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dc.contributor.authorBowen, Jennifer L.  Concept link
dc.contributor.authorWard, Bess B.  Concept link
dc.contributor.authorMorrison, Hilary G.  Concept link
dc.contributor.authorHobbie, John E.  Concept link
dc.contributor.authorValiela, Ivan  Concept link
dc.contributor.authorDeegan, Linda A.  Concept link
dc.contributor.authorSogin, Mitchell L.  Concept link
dc.date.accessioned2011-11-30T16:26:58Z
dc.date.available2011-11-30T16:26:58Z
dc.date.issued2010-11
dc.identifier.urihttps://hdl.handle.net/1912/4909
dc.descriptionAuthor Posting. © The Author(s), 2010. This is the author's version of the work. It is posted here by permission of Nature Publishing Group for personal use, not for redistribution. The definitive version was published in The ISME Journal 5 (2011): 1540–1548, doi:10.1038/ismej.2011.22.en_US
dc.description.abstractFunctional redundancy in bacterial communities is expected to allow microbial assemblages to survive perturbation by allowing continuity in function despite compositional changes in communities. Recent evidence suggests, however, that microbial communities change both composition and function as a result of disturbance. We present evidence for a third response: resistance. We examined microbial community response to perturbation caused by nutrient enrichment in salt marsh sediments using deep pyrosequencing of 16S rRNA and functional gene microarrays targeting the nirS gene. Composition of the microbial community, as demonstrated by both genes, was unaffected by significant variations in external nutrient supply, despite demonstrable and diverse nutrient–induced changes in many aspects of marsh ecology. The lack of response to external forcing demonstrates a remarkable uncoupling between microbial composition and ecosystem-level biogeochemical processes and suggests that sediment microbial communities are able to resist some forms of perturbation.en_US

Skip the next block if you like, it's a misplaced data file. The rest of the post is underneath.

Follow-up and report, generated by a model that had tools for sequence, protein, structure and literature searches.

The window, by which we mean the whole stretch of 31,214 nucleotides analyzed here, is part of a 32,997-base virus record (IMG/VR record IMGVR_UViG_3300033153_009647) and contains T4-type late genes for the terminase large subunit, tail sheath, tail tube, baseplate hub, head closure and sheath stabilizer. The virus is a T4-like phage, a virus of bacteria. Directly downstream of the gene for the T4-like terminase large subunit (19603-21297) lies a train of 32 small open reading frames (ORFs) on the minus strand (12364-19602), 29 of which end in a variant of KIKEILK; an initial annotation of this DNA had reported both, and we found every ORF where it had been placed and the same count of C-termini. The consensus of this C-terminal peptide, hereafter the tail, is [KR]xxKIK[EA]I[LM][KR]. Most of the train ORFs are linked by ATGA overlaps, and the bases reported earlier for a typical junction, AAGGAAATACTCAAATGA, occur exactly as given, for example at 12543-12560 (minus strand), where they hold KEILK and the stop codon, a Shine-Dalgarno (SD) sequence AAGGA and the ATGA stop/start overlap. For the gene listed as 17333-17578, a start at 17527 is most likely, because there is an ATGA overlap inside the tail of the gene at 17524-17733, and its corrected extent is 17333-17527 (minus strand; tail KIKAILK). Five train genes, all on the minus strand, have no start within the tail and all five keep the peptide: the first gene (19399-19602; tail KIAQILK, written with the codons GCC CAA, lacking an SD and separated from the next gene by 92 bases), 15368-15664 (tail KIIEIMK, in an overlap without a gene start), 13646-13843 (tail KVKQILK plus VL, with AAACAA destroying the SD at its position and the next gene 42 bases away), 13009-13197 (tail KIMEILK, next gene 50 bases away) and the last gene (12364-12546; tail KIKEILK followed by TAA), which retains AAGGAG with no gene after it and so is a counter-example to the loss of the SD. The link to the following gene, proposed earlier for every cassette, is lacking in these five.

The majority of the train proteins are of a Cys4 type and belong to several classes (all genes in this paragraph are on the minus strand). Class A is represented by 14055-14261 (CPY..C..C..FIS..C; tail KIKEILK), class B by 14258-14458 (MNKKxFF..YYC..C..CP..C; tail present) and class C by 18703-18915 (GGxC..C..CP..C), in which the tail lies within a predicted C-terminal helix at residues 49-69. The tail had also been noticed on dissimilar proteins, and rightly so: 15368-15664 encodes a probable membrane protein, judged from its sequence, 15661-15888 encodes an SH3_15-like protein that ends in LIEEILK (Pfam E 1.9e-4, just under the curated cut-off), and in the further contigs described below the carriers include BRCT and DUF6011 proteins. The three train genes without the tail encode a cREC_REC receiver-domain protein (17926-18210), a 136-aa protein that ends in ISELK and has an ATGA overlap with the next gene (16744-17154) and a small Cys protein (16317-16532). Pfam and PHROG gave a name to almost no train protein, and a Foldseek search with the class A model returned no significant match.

dc.description.sponsorshipFunding for this research came from NSF(DEB-0717155 to JEH, DBI-0400819 to JLB). Support for the sequencing facility came from NIH and NSF (NIH/NIEHS-P50-ES012742-01 and NSF/OCE 0430724-J Stegeman PI to HGM and MLS, and WM Keck Foundation to MLS). Salary support provided from Princeton University Council on Science and Technology to JLB. Support for development of the functional gene microarray provided by NSF/OCE99-081482 to BBW. The Plum Island fertilization experiment was funded by NSF (DEB 0213767 and DEB 0816963).en_US
dc.format.mimetypeapplication/pdf
dc.language.isoen_USen_US
dc.relation.urihttps://doi.org/10.1038/ismej.2011.22
dc.titleMicrobial community composition in sediments resists perturbation by nutrient enrichmenten_US
dc.typePreprinten_US


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